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Information or Indemnity: Do Certificates of Insurance Grant Insured Status?

February 28, 2020

Often, a person or entity that is attempting to claim additional insured status under the insurance policy of another will rely on a “Certificate of Insurance” that was issued by the named insured’s agent.  However, there are some considerations an insurer should take into account when presented with such a document before affording coverage to a certificate holder.

Frequently, the insurance agent or producer issuing the certificate will use the ACORD form.  This form clearly states at the top that

This certificate is issued as a matter of information only and confers no rights upon the certificate holder.  This certificate does not affirmatively or negatively amend, extend or alter the coverage afforded by the policies below.  This certificate of insurance does not constitute a contract between the issuing insurer(s), authorized representatives or producer, and the certificate holder. 

It further states, “Important: if the certificate holder is an additional insured, the policy(ies) must be endorsed.” 

The majority rule is that a certificate of insurance that contains such language will not bind the insurer unless the agent who issues the certificate is acting pursuant to authority granted by the insurer. Florida case law that explicitly adopts this position is scarce.  However, in a footnote to Official Cargo Transp. Co., Inc. v. Underwriters at Lloyd’s of London, an unpublished opinion, the Eleventh Circuit Court of Appeals agreed with the trial court below that coverage was not afforded under the certificate of insurance. The appellate court indicated that the “certificate of insurance did not in any way evidence that [the insurer] had agreed to the addition of [the certificate holder] as a named insured.” Thus no coverage was afforded and the trial court properly granted summary judgment in favor of the insurer. In Nexus Properties, Inc. v. Clarendon Nat’l Ins. Co., the United States District Court for the Southern District of Florida relied on this commentary to rule that the certificate holder seeking coverage was not an insured under the policy. The certificate did not create coverage or any legal obligations between the insurer and the certificate holder.

A couple of notable exceptions to this general rule do exist in Florida.  The insurer should review all the facts available to it before concluding the certificate holder is not an insured.  As mentioned above, one exception exists under Florida law in the rare instance when the producing agent acts with authority granted by the insurer.  Another exception arises where the insurance policy affords coverage to the certificate holder irrespective of the certificate.  There are several instances where this situation may arise.  A couple of common examples include policy provisions that provide coverage as a result of a contractual obligation and provisions that provide coverage to the permissive user of an automobile.

Before denying coverage to a person or entity seeking insured status, an insurer should consult with an attorney to determine whether any policy provisions afford coverage irrespective of the certificate of insurance, whether the producing agent acted with authority granted by the insurer, or whether any other exceptions may apply under the State’s laws that govern the insurance policy’s interpretation.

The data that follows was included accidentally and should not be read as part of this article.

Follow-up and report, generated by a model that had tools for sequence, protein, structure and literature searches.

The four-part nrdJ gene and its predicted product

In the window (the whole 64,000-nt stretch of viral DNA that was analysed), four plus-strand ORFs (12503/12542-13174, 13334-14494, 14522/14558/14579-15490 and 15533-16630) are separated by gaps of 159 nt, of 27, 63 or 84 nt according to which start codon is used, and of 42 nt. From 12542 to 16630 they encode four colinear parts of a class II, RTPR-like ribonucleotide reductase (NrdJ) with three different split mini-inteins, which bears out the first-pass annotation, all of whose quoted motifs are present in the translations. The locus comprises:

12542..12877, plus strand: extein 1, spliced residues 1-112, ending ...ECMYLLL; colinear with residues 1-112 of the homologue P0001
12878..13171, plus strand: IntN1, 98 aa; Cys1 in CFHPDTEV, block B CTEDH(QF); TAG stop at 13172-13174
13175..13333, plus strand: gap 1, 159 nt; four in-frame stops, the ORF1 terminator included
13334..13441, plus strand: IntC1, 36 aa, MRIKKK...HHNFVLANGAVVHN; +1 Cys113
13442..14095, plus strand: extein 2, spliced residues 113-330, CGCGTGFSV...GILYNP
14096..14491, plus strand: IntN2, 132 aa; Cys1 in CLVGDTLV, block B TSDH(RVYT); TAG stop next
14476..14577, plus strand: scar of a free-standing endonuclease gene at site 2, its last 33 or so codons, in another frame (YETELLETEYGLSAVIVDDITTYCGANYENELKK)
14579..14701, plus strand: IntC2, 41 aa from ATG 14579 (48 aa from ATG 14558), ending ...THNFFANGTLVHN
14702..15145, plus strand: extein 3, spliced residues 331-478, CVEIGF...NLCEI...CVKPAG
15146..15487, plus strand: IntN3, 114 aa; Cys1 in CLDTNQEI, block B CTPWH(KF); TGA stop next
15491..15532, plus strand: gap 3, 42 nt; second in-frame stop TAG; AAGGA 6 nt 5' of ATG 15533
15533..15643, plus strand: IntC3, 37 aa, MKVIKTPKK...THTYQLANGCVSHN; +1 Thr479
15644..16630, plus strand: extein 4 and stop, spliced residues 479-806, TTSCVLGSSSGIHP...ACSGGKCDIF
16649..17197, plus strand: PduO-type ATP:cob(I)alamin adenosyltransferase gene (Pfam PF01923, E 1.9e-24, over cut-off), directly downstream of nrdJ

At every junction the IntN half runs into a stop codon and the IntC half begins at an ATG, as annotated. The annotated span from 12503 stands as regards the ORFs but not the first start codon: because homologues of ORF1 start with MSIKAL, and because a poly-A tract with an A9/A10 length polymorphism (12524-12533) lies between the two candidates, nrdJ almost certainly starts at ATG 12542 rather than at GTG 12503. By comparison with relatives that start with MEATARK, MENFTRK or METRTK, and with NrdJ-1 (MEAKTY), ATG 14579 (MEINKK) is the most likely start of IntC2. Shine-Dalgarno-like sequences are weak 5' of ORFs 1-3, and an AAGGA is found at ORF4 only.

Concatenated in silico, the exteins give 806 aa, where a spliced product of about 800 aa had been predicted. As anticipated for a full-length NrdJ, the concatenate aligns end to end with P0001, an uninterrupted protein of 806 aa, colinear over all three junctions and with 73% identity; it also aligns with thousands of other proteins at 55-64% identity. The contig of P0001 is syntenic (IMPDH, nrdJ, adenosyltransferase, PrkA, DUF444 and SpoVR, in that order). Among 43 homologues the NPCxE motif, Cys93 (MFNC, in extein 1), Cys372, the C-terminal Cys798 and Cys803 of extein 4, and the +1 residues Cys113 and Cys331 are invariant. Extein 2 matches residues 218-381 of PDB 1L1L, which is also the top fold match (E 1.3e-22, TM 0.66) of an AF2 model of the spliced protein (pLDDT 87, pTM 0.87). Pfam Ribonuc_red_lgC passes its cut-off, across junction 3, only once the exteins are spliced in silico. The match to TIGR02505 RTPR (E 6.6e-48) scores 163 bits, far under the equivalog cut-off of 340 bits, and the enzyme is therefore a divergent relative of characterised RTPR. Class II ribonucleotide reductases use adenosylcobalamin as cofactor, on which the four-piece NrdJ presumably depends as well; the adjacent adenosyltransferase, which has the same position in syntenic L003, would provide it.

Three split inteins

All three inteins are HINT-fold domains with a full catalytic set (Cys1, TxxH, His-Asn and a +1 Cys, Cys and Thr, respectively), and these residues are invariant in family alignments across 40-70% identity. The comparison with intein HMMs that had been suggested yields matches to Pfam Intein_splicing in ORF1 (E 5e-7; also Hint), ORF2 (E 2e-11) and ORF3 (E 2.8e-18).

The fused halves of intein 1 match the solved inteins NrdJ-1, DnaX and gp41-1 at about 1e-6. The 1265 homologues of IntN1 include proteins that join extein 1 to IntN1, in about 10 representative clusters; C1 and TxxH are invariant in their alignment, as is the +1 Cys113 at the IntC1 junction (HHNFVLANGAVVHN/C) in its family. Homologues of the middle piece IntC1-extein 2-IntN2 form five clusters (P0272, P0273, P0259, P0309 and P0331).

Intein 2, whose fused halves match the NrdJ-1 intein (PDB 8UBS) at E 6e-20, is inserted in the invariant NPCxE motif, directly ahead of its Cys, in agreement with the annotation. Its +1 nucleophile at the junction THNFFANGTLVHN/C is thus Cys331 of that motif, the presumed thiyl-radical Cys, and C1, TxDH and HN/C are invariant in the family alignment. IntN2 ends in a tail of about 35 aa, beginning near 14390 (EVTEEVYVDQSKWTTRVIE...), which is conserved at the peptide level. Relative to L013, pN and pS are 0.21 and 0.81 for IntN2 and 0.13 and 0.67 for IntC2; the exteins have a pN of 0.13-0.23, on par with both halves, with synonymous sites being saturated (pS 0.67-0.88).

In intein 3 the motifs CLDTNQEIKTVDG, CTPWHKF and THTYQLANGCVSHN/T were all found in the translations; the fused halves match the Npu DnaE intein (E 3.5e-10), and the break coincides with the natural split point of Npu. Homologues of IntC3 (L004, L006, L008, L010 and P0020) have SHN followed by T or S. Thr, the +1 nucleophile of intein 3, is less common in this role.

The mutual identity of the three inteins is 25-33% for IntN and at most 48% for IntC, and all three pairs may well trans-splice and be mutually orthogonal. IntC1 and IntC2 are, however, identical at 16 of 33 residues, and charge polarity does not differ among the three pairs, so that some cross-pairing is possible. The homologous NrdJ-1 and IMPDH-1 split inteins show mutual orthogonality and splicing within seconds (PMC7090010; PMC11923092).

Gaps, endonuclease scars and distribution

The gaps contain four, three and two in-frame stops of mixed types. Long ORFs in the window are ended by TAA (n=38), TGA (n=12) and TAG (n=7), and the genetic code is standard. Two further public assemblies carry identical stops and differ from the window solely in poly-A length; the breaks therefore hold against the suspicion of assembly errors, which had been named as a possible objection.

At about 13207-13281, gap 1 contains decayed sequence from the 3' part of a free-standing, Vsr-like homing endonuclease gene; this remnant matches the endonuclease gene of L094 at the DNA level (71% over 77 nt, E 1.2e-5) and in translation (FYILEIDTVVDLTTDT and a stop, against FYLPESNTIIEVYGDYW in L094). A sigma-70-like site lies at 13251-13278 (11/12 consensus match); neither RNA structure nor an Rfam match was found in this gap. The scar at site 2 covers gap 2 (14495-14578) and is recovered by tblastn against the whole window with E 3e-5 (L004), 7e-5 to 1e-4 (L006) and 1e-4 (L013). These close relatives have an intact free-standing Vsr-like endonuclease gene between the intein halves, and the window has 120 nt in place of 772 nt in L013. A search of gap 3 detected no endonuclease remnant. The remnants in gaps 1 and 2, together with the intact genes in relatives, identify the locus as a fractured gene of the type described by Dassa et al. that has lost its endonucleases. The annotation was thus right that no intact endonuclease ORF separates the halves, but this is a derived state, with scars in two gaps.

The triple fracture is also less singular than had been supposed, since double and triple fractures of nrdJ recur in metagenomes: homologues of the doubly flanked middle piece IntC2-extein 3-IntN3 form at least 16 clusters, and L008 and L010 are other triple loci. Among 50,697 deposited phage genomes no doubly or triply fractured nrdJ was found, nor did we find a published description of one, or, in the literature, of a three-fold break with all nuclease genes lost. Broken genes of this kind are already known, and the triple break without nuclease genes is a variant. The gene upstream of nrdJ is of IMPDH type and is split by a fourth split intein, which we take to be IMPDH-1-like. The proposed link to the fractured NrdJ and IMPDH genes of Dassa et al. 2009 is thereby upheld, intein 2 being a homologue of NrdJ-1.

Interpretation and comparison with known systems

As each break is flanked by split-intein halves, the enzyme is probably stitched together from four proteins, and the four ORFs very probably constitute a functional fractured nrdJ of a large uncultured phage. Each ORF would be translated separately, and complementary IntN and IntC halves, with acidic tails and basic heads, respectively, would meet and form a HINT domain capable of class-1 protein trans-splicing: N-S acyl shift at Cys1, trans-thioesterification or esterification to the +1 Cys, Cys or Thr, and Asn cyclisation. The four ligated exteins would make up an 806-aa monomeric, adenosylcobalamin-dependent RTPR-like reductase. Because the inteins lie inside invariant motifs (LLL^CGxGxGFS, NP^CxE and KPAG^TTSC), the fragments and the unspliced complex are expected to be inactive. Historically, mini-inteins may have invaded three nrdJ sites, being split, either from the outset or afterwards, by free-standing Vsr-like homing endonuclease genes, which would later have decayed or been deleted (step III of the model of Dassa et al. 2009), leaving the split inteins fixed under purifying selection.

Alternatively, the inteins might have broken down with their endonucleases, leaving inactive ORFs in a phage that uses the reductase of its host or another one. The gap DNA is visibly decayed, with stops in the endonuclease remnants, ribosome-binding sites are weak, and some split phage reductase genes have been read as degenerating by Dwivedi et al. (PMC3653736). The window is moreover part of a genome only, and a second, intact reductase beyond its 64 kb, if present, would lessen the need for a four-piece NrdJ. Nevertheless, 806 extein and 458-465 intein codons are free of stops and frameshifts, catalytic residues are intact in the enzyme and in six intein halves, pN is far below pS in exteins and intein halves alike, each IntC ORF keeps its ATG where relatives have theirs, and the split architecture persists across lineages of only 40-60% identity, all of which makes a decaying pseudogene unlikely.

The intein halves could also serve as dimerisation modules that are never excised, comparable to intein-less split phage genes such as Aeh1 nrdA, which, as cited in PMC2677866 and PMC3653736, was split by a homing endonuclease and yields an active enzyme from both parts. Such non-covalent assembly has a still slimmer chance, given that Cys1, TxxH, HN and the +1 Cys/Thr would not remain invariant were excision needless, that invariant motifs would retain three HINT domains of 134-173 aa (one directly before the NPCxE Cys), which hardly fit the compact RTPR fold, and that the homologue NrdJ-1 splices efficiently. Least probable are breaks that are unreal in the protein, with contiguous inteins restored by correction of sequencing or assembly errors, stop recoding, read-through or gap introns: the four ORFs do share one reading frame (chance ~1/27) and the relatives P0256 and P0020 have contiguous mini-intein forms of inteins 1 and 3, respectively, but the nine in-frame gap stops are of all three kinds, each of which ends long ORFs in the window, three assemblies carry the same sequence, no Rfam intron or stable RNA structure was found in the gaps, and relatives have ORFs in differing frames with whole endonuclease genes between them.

1. Mountain Fuel Supply v. Reliance Ins. Co., 933 F.2d 882, 889 (10th Cir. 1991) (“Absent a plain manifestation of the intent to incorporate a certificate or endorsement into an insurance policy, the policy will remain in force as originally written.  The majority view is that where a certificate of insurance, such as the ACORD certificate, expressly indicates it is not to alter the coverage of the underlying policy, the requisite intent is not shown and the certificate will not effect a change in the policy”) (citations omitted); Taylor v. Kinsella, 742 F.2d 709, 711 (2d Cir. 1984) (“As a general rule, where a certificate or endorsement states expressly that it is subject to the terms and conditions of the policy, the language of the policy controls.  This rule accords with the widely recognized principle that the intent to incorporate additional papers into an insurance policy must be plainly manifest”) (citations omitted).  Trapani v. 10 Arial Way Assocs., 755 N.Y.S.2d 396, 399 (Sup. Ct. 2003) (“[A] certificate of insurance which expressly states that it is a matter of information only and confers no rights upon the certificate holder… is insufficient, by itself, to show that such insurance has been purchased.”) (internal quotation marks omitted); TIG Ins. Co. v. Sedgwick James of Washington, 184 F. Supp. 2d 591 (S.D. Tex. 2001) (“[W]hen a certificate of insurance contains language stating that the certificate does not amend, extend, or alter the terms of any insurance policy mentioned in the certificate, the terms of the certificate are subordinate to the terms of the insurance policy. The certificate of insurance will not suffice to create insurance coverage if such coverage is precluded by the terms of the policy.”).
  2. Official Cargo Transp. Co., Inc. v. Underwriters at Lloyd’s of London, 143 Fed. Appx. 173, n.1 (11th Cir. 2005).
  3. Id. 
  4. Id.
  5. Nexus Properties, Inc. v. Clarendon Nat’l Ins. Co., 2008 WL 11399625, at *5 (S.D. Fla. Jan. 15, 2008).
  6. Id.